Acts 7: 1-29Written by kathleen on Mar 01, 2015 in - No Comments
Acts 7: 1-29
The History Channel
Serving faithfully first as a waiter, then as a deacon, then as a miracle-worker, we now see Stephen as a theologian par excellence. Here in chapter 7, Stephen gives a defense that is absolutely brilliant. A masterpiece of logic and theological understanding, it is one of the most profound and powerful arguments in all of Scripture
This is precisely what Paul said would happen when he wrote that those who use the office of deacon well, purchase for themselves a good standing and great boldness in the faith which is in Christ Jesus. 1 Timothy 3:13.
And as Stephen boldly proclaimed and declared the truth of the gospel, it caused great consternation among the enemies of the church. In this sermon, as Stephen gives a panorama of Old Testament history. We shouldn’t think Stephen instructed the Sanhedrin on points of Jewish history they were ignorant of. Instead, Stephen wants to emphasize some things revealed in Jewish history they may not have considered: For example; That God has never confined Himself to one place (like the temple), and that the Jewish people have a habit of rejecting those God sends to them!
1 Then the high priest said, “Are these things so?” 2 And he said, “Brethren and fathers, listen: The God of glory appeared to our father Abraham when he was in Mesopotamia, before he dwelt in Haran 3 and said to him, ‘Get out of your country and from your relatives, and come to a land that I will show you.’
Stephen began his defense by reminding his accusers that God appeared to their father, Abraham, not in the Holy City of Jerusalem, but in the pagan city of Mesopotamia, where worship centered around a moon goddess.
He then recounts Abraham’s journey from Ur of the Chaldees to Haran, then from Haran to Canaan, amounting to a somewhat roundabout obedience to God’s command.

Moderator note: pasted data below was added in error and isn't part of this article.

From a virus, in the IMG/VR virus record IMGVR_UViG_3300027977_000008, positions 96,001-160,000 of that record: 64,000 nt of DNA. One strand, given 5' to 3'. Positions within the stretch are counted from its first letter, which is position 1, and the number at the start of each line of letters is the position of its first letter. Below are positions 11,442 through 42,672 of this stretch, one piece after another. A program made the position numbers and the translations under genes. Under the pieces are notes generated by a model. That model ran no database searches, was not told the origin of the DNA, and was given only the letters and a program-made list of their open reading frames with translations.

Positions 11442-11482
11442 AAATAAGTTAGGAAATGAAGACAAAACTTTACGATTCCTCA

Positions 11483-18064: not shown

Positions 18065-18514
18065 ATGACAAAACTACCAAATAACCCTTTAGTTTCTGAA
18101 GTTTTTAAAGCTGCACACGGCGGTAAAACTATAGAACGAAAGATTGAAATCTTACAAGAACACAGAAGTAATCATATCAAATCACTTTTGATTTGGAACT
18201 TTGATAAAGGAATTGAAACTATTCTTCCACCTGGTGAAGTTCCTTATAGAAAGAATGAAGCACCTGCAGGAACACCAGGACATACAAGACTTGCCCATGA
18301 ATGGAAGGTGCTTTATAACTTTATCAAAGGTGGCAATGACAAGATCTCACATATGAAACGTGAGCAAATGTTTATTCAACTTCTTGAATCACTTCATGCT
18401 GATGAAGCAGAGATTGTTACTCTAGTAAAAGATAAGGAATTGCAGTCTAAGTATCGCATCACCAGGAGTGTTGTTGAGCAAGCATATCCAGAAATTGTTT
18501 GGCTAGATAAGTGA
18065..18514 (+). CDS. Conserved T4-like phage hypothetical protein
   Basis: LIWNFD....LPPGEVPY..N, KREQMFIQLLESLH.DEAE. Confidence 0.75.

When Abraham lived in the land of the Chaldeans and received this command and promise, he did not immediately obey. First, he did not immediately go to “a land that I will show you” Second, he did not leave his relatives; taking with him his father (who died in Haran) and his nephew Lot.
Yet Abraham’s partial obedience did not take God’s promise away. Instead, it meant the promise was “on hold” until Abram was ready to do what the Lord said. Just like our promises are always in tact as well; but sometimes we choose to put them on hold by our actions!
The promise didn’t “progress” until Abraham left Haran and his father behind and went to the place God wanted him to go.
Abraham became a pilgrim because spirituality is not static—it’s dynamic. So when we keep flowing we keep growing we will keep expanding our understanding if we remain open to the moving of God by His Holy Spirit. Our goal should be what Paul prayed in
Col 1:9-12 For this reason we also, since the day we heard it, do not cease to pray for you, and to ask that you may be filled with the knowledge of His will in all wisdom and spiritual understanding; 10 that you may walk worthy of the Lord, fully pleasing Him, being fruitful in every good work and increasing in the knowledge of God; 11 strengthened with all might, according to His glorious power, for all patience and longsuffering with joy; 12 giving thanks to the Father who has qualified us to be partakers of the inheritance of the saints in the light.
4 Then he came out of the land of the Chaldeans and dwelt in Haran. And from there, when his father was dead, He moved him to this land in which you now dwell.
Abraham left Mesopotamia and stopped in Haran, evidently at the suggestion of his father, Terah. The years in Haran were lost until Terah passed away and Abraham got moving again. The point for you and me is simply this: Whenever we stop and park, we’re missing it. There must be continual movement and growth in spirituality. It’s a pilgrimage we’re on—not a place we arrive. Not going forward is backsliding
5 And God gave him no inheritance in it, not even enough to set his foot on. But even when Abraham had no child, He promised to give it to him for a possession and to his descendants after him
He reminds them Abraham owned no land—only a promise. Even at the end of his life, the only portion of the land he actually possessed was the cave he purchased in which to bury his wife (Genesis 23:9).
6 But God spoke in this way: that his descendants would dwell in a foreign land, and that they would bring them into bondage and oppress them four hundred years. 7 ‘And the nation to whom they will be in bondage I will judge,’ said God, ‘and after that they shall come out and serve Me in this place.’